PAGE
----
In 2019, Lang Son held an investment promotion conference, namely ‘Lang Son – a successful destination for investors’ on ensuring the most transparent and favorable business environment for investors. As per the Department of Planning and Investment, Lang Son offers tax reductions and exemptions, and business-friendly land rent, in compliance with the government’s laws.
In terms of infrastructure, Lang Son’s upcoming Dong Dang (Lang Son province) – Tra Linh (Cao Bang province) expressway (115 km in length) as well as the improvement of the highway 4B linking to Quang Ninh province can be a strong push for the province’s logistic industry and supply chain, in parallel with the cargo transshipment site project, attracting new investment plans.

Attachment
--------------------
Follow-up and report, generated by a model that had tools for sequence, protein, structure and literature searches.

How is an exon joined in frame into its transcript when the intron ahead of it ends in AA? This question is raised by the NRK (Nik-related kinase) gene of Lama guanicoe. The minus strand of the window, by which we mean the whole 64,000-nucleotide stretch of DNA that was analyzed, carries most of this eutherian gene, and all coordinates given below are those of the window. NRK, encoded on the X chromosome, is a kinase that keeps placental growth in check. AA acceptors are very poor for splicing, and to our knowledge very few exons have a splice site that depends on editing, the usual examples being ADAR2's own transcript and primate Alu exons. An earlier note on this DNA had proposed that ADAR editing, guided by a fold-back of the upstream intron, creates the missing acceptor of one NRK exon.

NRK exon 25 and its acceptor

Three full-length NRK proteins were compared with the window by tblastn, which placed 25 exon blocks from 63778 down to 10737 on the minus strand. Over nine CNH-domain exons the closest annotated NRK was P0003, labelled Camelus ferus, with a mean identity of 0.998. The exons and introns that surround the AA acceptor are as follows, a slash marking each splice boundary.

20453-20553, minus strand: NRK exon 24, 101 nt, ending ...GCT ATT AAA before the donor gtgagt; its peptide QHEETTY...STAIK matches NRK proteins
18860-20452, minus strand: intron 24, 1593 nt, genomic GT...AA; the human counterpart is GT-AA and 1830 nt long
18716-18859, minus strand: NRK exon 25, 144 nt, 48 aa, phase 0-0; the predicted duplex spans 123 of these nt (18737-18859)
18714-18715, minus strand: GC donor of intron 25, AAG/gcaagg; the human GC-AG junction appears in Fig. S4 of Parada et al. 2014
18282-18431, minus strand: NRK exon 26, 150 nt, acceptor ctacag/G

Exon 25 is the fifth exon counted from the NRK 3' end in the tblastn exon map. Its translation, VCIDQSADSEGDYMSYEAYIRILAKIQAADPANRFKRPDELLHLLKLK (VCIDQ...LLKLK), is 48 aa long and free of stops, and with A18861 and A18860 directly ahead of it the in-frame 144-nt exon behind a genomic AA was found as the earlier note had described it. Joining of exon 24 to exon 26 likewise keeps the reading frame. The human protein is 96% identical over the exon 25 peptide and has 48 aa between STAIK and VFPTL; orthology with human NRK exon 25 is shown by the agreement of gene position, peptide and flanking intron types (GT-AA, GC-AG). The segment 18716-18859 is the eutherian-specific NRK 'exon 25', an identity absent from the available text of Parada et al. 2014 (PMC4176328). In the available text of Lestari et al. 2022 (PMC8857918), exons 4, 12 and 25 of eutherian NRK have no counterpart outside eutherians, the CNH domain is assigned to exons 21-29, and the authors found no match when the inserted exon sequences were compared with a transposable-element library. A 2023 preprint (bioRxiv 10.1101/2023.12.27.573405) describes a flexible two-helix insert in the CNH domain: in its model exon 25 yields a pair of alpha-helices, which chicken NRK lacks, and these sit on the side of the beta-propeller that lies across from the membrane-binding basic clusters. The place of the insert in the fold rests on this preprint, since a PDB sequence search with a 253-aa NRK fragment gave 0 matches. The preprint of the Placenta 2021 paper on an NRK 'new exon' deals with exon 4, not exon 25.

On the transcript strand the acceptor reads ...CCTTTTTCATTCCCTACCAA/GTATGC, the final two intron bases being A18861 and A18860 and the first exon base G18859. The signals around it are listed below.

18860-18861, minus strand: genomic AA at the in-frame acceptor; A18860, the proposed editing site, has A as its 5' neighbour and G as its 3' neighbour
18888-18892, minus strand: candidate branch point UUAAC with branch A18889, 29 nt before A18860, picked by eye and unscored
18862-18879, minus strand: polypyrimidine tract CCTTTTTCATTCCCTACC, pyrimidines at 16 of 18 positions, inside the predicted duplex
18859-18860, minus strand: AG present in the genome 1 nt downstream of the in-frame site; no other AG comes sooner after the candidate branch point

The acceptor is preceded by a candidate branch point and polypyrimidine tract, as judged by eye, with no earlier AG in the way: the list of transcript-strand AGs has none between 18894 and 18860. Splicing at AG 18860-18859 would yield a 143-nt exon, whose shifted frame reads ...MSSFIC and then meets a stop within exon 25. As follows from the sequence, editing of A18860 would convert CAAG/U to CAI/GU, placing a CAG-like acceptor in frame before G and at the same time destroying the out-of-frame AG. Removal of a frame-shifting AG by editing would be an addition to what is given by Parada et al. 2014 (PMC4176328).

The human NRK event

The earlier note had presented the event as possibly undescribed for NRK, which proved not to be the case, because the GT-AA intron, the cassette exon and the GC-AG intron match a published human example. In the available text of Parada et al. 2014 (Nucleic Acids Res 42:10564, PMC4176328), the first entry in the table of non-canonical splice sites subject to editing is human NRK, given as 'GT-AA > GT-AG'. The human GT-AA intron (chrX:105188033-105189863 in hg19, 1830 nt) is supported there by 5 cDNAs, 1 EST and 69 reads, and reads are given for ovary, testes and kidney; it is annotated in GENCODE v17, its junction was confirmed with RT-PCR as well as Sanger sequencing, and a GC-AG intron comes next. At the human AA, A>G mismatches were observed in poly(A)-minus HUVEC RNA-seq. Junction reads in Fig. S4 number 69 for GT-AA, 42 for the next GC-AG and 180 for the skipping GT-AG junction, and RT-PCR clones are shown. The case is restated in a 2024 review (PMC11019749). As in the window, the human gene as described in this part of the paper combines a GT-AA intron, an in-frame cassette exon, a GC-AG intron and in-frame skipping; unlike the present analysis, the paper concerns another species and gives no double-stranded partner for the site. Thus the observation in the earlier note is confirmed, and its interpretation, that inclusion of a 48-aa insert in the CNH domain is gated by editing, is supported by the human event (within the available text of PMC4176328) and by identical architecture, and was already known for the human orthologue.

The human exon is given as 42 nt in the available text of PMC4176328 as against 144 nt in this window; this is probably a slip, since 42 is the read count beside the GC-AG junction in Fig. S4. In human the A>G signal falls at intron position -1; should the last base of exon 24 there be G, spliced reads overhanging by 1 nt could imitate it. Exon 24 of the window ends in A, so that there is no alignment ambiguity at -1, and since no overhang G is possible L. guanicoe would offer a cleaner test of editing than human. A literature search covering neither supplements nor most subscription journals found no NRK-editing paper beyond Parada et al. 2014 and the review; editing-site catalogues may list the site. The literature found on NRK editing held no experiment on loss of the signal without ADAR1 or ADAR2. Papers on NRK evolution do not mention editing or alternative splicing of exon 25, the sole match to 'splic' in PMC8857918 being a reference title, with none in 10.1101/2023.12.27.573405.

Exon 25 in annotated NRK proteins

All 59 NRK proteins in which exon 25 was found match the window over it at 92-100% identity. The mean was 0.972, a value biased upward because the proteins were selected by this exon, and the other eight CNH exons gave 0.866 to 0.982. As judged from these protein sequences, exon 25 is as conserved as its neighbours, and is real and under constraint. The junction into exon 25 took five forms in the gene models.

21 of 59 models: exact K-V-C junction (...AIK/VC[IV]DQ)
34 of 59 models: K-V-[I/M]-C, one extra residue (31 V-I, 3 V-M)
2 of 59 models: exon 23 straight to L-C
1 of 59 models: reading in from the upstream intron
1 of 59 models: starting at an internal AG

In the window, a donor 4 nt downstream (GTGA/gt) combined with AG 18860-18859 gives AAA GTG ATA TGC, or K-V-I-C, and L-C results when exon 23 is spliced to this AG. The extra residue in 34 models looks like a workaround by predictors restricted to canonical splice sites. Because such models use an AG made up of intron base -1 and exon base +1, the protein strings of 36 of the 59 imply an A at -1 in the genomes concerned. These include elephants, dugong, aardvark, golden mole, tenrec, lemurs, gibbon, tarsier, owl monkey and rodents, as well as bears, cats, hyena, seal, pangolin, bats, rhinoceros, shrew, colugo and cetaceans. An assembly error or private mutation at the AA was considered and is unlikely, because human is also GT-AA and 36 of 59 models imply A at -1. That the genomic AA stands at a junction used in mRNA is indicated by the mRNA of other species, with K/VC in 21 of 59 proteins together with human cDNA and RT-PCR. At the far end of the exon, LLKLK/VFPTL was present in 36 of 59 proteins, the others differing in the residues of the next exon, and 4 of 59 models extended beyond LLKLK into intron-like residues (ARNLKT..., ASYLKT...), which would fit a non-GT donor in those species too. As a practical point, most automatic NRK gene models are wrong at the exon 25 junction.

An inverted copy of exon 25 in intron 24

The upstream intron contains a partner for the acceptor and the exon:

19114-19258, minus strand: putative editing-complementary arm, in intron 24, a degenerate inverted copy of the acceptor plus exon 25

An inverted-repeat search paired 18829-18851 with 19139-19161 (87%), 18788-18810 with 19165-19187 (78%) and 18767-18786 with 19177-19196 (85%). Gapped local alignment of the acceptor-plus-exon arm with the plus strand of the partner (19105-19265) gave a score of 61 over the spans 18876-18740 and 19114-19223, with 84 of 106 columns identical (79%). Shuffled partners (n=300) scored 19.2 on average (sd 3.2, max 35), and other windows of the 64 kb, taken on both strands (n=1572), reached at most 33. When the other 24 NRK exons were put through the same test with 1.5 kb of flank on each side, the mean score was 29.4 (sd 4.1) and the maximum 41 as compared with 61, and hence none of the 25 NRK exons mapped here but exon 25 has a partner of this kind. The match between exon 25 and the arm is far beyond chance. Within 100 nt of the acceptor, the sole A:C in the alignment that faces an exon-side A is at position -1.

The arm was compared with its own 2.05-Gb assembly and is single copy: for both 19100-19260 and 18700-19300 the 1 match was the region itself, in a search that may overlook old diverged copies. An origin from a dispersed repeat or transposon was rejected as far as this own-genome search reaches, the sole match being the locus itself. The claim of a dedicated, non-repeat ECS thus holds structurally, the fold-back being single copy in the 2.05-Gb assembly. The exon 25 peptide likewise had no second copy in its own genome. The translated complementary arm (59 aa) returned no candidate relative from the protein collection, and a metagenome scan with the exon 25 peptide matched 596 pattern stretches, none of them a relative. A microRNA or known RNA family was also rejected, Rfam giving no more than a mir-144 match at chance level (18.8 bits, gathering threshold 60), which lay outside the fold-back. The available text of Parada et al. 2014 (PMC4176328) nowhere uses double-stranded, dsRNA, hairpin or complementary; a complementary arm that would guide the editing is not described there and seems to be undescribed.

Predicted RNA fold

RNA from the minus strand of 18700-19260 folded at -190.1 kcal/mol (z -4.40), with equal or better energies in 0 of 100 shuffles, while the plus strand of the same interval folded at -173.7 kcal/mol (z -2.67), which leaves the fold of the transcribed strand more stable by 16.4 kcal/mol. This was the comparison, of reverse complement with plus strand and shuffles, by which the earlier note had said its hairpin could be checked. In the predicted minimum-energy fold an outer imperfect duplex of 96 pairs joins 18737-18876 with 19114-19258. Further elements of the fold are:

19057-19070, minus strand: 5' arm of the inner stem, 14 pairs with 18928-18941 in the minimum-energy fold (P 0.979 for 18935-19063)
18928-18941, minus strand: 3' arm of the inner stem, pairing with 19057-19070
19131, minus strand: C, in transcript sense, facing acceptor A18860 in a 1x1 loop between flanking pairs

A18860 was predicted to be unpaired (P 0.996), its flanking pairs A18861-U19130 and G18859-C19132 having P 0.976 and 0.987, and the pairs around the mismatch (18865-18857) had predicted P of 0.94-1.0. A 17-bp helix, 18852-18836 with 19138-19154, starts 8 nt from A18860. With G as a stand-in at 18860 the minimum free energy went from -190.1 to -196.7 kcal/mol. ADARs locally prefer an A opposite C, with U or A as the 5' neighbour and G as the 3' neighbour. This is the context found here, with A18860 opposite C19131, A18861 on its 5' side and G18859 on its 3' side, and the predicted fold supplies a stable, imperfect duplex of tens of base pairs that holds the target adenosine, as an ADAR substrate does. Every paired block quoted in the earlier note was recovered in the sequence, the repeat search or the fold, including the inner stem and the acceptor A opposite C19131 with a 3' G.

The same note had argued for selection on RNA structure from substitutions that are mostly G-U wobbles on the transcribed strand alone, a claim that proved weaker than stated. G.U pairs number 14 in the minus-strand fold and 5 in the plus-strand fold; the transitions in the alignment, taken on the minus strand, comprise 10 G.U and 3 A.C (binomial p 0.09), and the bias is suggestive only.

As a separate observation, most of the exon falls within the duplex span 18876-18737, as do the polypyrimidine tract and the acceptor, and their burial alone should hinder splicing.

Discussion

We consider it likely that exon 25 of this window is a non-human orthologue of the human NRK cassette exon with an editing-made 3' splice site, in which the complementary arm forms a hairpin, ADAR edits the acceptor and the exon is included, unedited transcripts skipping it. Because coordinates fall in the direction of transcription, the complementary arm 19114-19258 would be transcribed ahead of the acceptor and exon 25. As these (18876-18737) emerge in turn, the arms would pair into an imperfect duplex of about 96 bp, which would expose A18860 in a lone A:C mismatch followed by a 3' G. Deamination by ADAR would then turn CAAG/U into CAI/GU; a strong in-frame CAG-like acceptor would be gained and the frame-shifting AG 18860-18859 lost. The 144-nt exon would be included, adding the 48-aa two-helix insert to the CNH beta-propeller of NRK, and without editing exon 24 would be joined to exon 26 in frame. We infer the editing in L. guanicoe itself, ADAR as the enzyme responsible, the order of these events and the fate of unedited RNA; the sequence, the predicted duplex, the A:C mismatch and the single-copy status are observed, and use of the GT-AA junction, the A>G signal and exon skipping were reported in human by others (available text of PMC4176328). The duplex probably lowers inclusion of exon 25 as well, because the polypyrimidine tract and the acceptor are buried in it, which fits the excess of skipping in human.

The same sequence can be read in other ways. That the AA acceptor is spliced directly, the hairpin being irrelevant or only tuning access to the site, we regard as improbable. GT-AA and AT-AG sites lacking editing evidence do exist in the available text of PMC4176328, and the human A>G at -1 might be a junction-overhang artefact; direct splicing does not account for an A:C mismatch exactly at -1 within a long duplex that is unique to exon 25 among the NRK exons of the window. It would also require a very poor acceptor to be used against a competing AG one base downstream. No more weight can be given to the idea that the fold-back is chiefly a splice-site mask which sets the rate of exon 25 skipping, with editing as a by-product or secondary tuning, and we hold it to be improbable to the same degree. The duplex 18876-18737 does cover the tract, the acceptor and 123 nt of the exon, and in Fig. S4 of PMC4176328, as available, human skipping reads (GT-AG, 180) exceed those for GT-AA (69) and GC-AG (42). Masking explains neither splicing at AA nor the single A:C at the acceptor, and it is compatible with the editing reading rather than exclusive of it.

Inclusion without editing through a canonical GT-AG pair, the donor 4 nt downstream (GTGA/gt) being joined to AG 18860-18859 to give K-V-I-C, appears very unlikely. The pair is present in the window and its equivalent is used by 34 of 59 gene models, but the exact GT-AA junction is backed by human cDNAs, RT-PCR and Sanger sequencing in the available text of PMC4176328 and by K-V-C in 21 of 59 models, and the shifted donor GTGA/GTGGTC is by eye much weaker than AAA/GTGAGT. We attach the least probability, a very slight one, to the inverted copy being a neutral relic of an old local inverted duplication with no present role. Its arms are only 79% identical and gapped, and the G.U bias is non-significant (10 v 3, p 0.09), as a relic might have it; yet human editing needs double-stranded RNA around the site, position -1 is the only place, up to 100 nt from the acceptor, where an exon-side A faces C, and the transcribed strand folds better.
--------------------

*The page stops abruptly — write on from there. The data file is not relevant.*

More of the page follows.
Remarkably, Lang Son province is the chosen destination for the construction of three wind power plants by the German-based BayWa r.e. in three districts: Van Quan, Cao Loc, and Loc Binh.
Lang Son is also known for its extensive economic zones. The Dong Dang-Lang Son border-gate economic zone covers an area of 394 km2 and two other industrial parks cover another 761,7 hectares. It is projected that 10 more industrial parks will be established by 2030.
With a business-friendly environment and the geographical advantage of proximity to China, Lang Son bodes well to become an appealing destination for businesses looking for a location.
An introduction to Guangxi
Located in the Southern part of China, Guangxi is bordered by Guangdong province to the east, Yunnan province to the west, and Vietnam to the southwest.